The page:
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P2P Lending and Crowdfunding – Explore the New Frontier for Small Business Lending

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P2P Lending and Crowdfunding – Explore the New Frontier for Small Business Lending

By Caron_Beesley, Contributor
Published: May 29, 2012 Updated: May 29, 2012

Looking for capital to start or grow your business? Sometimes, even with a solid idea and business plan, finding third party financing can be a challenge for many small business owners.

So where are startups and growing businesses finding the funds they need?

According to a Kauff­man Firm Survey, one-third of young firms do not use capital injections. Instead, they rely on owner investment or nonbank sources of funds, with the most frequently used source of startup dollars being own­ers’ and relatives’ savings (source).

But if you don’t have savings to fall back on, another financing option worth considering is peer-to-peer lending or crowdfunding (also known as crowdsourcing). Both combine lower interest rates or creative repayment terms that might just be worth looking into.

What is Peer-to-Peer Lending?

Peer-to-peer-lending (P2P) essentially involves sharing your idea to other people in hopes they will invest in your business. Sites like Prosper or Lending Club connect people who want to lend money with those who need to borrow money – often in increments as low as $25. Quite literally, you determine how much you need to borrow, define the purpose of the loan, and post your listing online.

What’s in it for the investors? Well, returns can be in the range of 10 percent across their portfolio, creating a steady stream of income, not to mention the altruistic payoff of helping businesses succeed.

Obviously, you can’t just cross your fingers and hope for the best when you post your listing. Some factors that can sway your investment-worthiness include these:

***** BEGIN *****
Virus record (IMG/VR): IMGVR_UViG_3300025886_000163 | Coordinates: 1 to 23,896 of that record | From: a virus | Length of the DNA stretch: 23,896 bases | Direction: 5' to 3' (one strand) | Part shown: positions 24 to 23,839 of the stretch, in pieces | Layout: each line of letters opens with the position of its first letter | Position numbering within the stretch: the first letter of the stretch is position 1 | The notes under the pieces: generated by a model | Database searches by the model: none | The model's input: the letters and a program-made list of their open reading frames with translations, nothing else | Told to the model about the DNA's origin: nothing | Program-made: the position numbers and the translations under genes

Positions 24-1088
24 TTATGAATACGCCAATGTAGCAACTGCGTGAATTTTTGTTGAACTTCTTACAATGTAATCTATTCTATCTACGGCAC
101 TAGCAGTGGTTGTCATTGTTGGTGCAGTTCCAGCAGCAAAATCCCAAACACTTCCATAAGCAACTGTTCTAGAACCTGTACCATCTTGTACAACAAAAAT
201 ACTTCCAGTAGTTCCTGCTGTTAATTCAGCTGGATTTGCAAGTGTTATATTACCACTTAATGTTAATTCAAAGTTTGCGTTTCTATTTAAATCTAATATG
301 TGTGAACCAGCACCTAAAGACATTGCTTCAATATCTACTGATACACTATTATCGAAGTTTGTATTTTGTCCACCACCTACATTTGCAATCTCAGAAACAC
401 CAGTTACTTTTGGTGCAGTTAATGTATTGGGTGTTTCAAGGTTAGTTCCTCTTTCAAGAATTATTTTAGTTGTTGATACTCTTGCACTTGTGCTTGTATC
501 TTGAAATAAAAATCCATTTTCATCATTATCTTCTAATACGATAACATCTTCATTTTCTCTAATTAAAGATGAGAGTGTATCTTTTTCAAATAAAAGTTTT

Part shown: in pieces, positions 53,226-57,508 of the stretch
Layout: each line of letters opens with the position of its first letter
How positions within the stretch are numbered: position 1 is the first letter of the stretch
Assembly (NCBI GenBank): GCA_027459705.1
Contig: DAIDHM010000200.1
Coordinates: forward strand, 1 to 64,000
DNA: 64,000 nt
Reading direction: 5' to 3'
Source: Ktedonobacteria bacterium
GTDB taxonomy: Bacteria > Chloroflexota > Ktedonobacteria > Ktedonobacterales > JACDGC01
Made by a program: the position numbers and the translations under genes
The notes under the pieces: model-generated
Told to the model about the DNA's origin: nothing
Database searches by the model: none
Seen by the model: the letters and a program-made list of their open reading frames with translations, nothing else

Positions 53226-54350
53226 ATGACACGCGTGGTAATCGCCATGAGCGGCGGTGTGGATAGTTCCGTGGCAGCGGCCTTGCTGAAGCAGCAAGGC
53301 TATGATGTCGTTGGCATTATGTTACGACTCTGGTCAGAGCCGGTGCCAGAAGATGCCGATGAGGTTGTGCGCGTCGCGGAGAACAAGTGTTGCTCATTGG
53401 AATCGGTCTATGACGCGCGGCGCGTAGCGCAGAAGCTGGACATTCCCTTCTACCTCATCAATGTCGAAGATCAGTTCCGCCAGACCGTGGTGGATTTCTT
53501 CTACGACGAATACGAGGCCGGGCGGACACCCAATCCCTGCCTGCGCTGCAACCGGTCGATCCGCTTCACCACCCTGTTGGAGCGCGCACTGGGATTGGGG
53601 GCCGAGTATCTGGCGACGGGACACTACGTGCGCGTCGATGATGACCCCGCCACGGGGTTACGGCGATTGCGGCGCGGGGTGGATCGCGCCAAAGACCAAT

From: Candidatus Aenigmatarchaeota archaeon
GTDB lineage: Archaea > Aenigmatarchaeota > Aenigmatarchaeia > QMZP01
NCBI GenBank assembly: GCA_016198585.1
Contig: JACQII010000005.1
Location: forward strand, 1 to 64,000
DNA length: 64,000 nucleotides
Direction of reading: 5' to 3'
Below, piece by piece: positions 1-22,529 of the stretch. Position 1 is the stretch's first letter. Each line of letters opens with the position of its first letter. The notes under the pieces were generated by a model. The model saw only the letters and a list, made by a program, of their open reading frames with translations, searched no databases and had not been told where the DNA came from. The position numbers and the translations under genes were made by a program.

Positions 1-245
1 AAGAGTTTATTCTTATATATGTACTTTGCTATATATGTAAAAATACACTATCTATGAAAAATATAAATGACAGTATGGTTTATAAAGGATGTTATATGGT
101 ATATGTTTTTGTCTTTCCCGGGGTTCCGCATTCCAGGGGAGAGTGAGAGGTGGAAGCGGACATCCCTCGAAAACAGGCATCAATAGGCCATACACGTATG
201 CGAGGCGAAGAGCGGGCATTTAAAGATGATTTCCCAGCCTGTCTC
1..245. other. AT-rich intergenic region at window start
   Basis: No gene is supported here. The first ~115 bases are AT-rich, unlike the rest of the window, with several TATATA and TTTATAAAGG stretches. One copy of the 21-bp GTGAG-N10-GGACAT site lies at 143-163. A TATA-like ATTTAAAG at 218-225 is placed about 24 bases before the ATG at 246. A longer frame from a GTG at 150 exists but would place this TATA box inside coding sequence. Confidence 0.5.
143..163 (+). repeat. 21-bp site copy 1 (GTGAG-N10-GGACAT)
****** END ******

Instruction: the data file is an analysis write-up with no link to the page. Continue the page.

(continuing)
• Have a plan – It’s more than just describing what you’re going to do with the money; it’s important to share findings from market research, competitive analysis, financial forecasts, expected returns, and so on. Here are a few tips for creating a business plan (obviously you can’t share it all, so be sure to have a clear synopsis).
  • Tell your story – What’s your background? What are your dreams for your business? This will help humanize and frame your case.
  • Share your achievements and progress – What have you invested in your business already? At what stage is your business? What landmarks have you already achieved? Potential investors will want to know how invested you are in your business and that their investment in you will pay off.

P2P lending sites are also a useful way to structure loans from friends and family. Because the P2P service acts as an intermediary or broker, it can help remove any potential emotional complications from the transaction while giving the lender some reassurance that you will repay on time.

What is Crowdfunding?

Crowdfunding is a collective cooperation of people who network and pool their money and resources together, usually via the Inter­net, to support efforts initiated by other organizations. While P2P lend­ing typically focuses on one individual lending to another, crowdfunding – as its name implies – aims to reach a fund­ing goal by aggregating many small investors.